The 6 Steps to Start Homeschooling Roadmap

start homeschooling roadmap

Woo-hoo, it’s finally here: the Start Homeschooling Roadmap!

Are you just getting going with homeschooling?

Seven years ago, I was quickly overwhelmed by the amount of preparation and research I needed to do to get started with our homeschool. However, over the years I’ve realized that while you could spend years researching everything, there are a only few basic steps you need to take in order to really kickoff homeschooling. 

Follow these 6 simple steps to get your basic homeschool framework built. 

Once you have these basics down, you can actually get started teaching your children at home! 

You can download the Homeschooling Roadmap Guide to take notes as you go through the steps. It will help you keep track of all the info.

homeschool notes guide

Got the guide?  Here we go!  Focus on these basic steps and try not to get sucked too far down the homeschooling rabbit hole (I’m looking at you, Pinterest!)

Let’s get started: 6 Simple Steps to Start Homeschooling


Legalities
homeschooling sunflowers

Let’s get started by looking at the laws in your state & filing your intent to enroll.

Here’s a handy map that shows homeschool laws by state in the US. Write them down on your roadmap guide. Note what types of records you need to keep and if you need to arrange standardized testing. 

If you need to file an intent to enroll, you can print one from HSLDA ($), Confessions of a Homeschooler created one, or you can reach out to your local school district.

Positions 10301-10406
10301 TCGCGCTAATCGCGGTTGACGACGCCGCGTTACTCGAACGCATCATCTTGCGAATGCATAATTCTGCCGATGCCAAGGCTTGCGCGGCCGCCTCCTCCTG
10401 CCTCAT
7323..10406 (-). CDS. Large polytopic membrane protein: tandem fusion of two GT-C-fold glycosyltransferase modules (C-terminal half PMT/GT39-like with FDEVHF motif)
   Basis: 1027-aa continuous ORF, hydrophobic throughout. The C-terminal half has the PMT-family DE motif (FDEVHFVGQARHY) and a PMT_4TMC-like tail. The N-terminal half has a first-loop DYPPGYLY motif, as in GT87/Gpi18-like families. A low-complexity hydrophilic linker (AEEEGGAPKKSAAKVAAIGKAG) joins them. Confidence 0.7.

We have a designated homeschool coordinator at our local school district. She sent and accepted a simple Intent to Homeschool form via e-mail. Try reaching out to your district!

Here’s a simple attendance form. 


Many ways to teach
kids backpacks

 There are many “styles” of education.

Let’s explore to find the ones you identify with the most.

Remember, you don’t have to fit in any one single style.

Write down the ones that stand out to you.

Take pieces from all of the ones you like. You’re totally allowed to be a Montessori loving kind-of-unschooly parent. Classical with a Waldorf spin? Sure!

The Homeschool Mom breaks it down nicely.

So does Time 4 Learning.


How your child learns

It’s important to know your child’s learning style because it can help you teach them better. It can also help you to pick out curriculum.

If you know that your child is a kinesthetic learner, chances are, they’ll do better with math if it involves manipulatives.

Auditory learners might love a language arts program that involves singing. 

Try to take a few quizzes to determine your child’s preferred learning styles. It also helps to known your own and see how they differ from your child’s! 

I like this one from HomeschoolOn.

Cathy Duffy has a great book and website to help choose curriculum.

See if you can find a print copy of 102 Top Picks for Homeschool Curriculum. It has a chart with interactive questions to help you find your child’s learning style.